Public utility ratemaking

Unlike prices charged by private companies, prices regulated utilities charge for their products and services are generally set by a state regulatory agency often referred to as a public utility commission, public service commission, or utility board. Each state regulatory agency usually has three to five commissioners whose responsibility it is to oversee the prices charged by utilities in their state. In Oklahoma, the regulatory agency is the Oklahoma Corporation Commission (OCC), which has three members.

In Oklahoma when a utility wants an increase in its prices, also called rates, the utility must first file an application with the OCC, along with substantial supporting documentation justifying the requested increase. In a nutshell, the application shows the utility's costs and rationale in support of the proposed rate increase, which the utility believes it needs to provide service and earn a reasonable return on investment.

The utility's documentation will include the costs of labor, materials, taxes, and depreciation on plant used to provide and deliver services, as well as the interest for debt issued by the utility to finance construction of that plant. The utility's proposed rates must also allow a reasonable return on investment made by shareholders.   When added together, all of these costs produce the revenue requirement that needs to be collected from customers. Establishing the company's overall revenue requirement is normally the first phase in the rate case process.

In the next phase, rates must be designed in a way that will allow the utility the opportunity to recover the established revenue requirement. This involves allocating the overall revenue requirement among the various classes of customers. There can be many varied classes of customers; however, residential, commercial and industrial customers are generally the largest classes of customers. Rates are often designed to encourage conservation of resources or to ensure that prices reflect the specific costs of providing service.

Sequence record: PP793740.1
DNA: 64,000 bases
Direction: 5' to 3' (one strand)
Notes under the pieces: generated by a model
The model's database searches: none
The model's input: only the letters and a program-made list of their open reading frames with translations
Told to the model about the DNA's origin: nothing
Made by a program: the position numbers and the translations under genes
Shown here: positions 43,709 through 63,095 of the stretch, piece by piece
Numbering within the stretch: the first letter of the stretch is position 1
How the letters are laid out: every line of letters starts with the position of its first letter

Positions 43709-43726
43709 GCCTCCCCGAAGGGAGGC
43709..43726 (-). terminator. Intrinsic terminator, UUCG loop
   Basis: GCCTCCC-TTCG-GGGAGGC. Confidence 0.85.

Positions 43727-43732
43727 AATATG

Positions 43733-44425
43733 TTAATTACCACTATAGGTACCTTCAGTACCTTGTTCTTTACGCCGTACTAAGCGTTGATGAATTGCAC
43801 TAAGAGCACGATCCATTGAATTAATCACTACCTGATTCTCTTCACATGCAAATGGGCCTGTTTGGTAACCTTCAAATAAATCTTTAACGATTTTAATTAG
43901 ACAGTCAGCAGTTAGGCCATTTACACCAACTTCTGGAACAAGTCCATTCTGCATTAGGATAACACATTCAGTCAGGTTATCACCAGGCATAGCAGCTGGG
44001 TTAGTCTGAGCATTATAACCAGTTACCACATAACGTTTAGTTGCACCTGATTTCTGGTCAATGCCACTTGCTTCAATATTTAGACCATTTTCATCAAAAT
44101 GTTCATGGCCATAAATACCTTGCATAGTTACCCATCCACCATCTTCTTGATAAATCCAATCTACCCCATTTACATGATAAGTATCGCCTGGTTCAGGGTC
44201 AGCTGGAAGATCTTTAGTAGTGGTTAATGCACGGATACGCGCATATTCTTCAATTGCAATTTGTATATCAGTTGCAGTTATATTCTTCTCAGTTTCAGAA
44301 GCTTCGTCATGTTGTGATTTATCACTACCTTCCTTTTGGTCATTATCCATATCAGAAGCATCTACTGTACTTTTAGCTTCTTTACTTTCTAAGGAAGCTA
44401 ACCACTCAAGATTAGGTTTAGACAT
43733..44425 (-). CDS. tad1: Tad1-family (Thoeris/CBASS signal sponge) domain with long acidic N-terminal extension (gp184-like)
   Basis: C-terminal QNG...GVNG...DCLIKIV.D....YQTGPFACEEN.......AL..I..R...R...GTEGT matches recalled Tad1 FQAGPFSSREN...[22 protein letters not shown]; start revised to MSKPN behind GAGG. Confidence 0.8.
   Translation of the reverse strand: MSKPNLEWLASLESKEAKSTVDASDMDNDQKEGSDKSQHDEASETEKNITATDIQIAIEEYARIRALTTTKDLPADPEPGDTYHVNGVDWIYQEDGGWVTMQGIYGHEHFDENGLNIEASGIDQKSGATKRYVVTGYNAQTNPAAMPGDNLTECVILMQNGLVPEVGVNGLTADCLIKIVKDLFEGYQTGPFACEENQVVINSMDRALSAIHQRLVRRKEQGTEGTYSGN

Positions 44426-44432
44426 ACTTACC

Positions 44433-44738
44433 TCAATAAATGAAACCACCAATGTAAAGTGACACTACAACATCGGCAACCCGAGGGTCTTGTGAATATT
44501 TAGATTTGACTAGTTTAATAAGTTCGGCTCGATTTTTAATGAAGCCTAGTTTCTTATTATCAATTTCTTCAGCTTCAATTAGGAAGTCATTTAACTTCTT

The hearing phase of a rate case may be handled directly by the Commissioners, by an administrative law judge (ALJ) or both.  In any case, the process involves witnesses on all sides of the issues filing testimony and being cross examined on their positions. Once all of the evidence is filed and heard, the ALJ will typically file a report with the Commissioners.  The Commissioners deliberate in open court and ultimately decide the outcome of the utility's application, including the rates to be paid by customers. Parties to a rate case typically include OCC's Public Utility Division Staff; the Attorney General's office, which primarily represents the interest of residential consumers; commercial and industrial customers or their associations and public interest advocates, such as AARP or community action groups. Private citizens often participate as well.

A rate case takes several months to process from the time a utility makes its initial filling and ultimately concludes with an open meeting at which the Commissioners deliberate and vote on the matter. By statute the Commission should process utility rate cases within 180 days, counting from the day the utility files its application.

The Commission is always interested in public input on these rate cases. Public comment is taken orally at 1:30 p.m. each day that a rate case hearing is held. Check the daily docket for rate case dates. Public comment can also be submitted in writing mailed to: Rate Case Comment, Public Utility Division, P.O. Box 52000, Oklahoma City, OK 73152-2000 or by using OCC's online comment form.